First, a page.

The addition of King’s highly-complementary business will position Activision Blizzard as a global leader in interactive entertainment across mobile, console and PC platforms, and establishes it as a leader in the rapidly growing mobile game segment. In fact, mobile games are expected to grow about 20% worldwide this year, to about $20 billion, which gives Activision an approximate 10% market share. Incidentally, this 20% growth rate compares to the expected 7% growth rate for computer games and 2% for TV and console games this year, according to research firm Newzoo.
Ticker Tags demonstrate the relative importance of mobile games versus console-based products in the eyes of the consumer:
Source: Ticker Tags
· On November 4, 2015, ATVI announced that they had launched the Activision Blizzard Studios, an in-house film and television studio devoted to creating original movies and TV shows based on the company’s video games. In so doing, the company has adopted a multi-media approach that leverages its proprietary IP content over a variety of entertainment channels. Their content is extremely significant because it includes such very strong brands as Call of Duty, Skylanders, Diablo and others.. This is a strategically very important step for two reasons. One is that a movie based on a video game has proven that it can be very successful – CapCom’s Resident Evil released in September 2012 racked up a box office worldwide of $240 million; EA’s Need for Speed launched in March 2014 did $203 million. The second is that , unlike EA and Capcom, Activision has through its Skylanders franchise a ready-made entry into the most important retailers. If you take into account the fact that Hasbro racked up sales of about $2 billion for the Transformer action figures on the back of the last three Transformer movies, you can see why there is a major opportunity for Activision to enter the toy market in conjunction with movies developed by this new studio. And they seem to mean business as demonstrated that they recruited Nick van Dyk from Disney to co-head this new venture.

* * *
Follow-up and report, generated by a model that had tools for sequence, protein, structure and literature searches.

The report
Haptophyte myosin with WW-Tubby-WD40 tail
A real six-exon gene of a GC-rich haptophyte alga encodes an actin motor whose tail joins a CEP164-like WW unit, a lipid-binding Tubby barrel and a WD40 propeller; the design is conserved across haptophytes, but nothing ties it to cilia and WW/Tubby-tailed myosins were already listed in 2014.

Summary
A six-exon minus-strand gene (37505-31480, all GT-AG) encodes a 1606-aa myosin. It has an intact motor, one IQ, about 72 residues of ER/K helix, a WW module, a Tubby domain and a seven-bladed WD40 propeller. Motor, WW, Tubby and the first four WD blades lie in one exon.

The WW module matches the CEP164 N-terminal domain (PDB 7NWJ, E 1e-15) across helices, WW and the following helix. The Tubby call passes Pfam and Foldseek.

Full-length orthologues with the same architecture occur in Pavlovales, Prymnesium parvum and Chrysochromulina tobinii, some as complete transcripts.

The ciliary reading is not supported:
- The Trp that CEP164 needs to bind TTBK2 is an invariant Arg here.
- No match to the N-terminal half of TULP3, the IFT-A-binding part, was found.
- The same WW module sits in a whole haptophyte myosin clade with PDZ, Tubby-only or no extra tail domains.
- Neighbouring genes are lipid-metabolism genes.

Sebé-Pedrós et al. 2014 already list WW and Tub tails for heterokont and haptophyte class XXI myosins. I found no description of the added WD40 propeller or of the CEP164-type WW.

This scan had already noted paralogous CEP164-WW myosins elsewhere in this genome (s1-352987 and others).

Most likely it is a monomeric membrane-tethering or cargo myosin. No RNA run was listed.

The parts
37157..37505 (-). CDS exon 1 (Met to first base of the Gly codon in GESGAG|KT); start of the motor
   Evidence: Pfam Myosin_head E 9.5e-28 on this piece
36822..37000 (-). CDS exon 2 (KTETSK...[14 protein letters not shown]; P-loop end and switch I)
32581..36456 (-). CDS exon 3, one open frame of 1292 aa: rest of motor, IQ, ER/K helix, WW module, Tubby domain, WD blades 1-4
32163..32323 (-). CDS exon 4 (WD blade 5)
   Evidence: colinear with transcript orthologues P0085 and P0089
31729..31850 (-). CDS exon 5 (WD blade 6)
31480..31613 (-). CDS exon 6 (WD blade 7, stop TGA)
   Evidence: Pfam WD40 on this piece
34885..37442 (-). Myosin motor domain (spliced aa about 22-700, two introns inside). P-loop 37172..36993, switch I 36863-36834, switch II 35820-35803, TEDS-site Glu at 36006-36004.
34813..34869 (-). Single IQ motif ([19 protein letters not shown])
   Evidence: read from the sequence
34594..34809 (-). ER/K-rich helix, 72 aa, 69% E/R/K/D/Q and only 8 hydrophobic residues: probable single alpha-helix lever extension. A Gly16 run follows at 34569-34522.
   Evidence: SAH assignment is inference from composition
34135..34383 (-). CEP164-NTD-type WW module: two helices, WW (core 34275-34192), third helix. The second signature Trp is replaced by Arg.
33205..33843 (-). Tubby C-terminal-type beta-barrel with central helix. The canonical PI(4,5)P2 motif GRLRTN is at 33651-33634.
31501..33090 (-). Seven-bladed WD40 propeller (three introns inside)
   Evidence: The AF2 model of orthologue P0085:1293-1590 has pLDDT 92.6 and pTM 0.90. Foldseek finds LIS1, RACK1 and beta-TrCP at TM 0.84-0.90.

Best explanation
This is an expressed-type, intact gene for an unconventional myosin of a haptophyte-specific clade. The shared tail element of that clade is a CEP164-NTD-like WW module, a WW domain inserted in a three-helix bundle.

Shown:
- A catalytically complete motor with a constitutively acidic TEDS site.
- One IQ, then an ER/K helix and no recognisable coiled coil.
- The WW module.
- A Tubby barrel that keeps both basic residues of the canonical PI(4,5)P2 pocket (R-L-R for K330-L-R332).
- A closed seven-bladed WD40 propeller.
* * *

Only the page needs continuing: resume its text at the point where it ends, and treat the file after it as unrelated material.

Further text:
· On January 4, 2016, Activision bought Major League Gaming [MLG] with the avowed intention to "build the ESPN of video games" -- a premium cable TV channel dedicated exclusively to gaming. MLG.tv is an online broadcast network for professional-level E-sports and the MLG Pro Circuit is the longest-running E-sports league in North America. GameBattles, a site owned by MLG, is the largest online gaming tournament system across consoles, PC and mobile platforms. This acquisition provides ATVI with an entry into the E-Sporting world which has experienced rapid growth in the last few years, taking in $612 million in revenue in 2015. Streaming audience numbers for the genre have been estimated to have reached the 100 million mark in 2015. This number is expected to grow to 300 million worldwide by 2017, according to Activision. Activision will merge MLG with its in-house E-sports division, Activision Blizzard Media Networks.
The end effect of these three moves is that it is probable to transform Activision from a video game publisher who through the Skylanders also has a foothold in the toy industry to a very major entertainment powerhouse and potentially the largest video game company worldwide. The company could thus well emerge not only as the major player in video games but also as a significant factor in the toy industry as well as in the overall entertainment sector.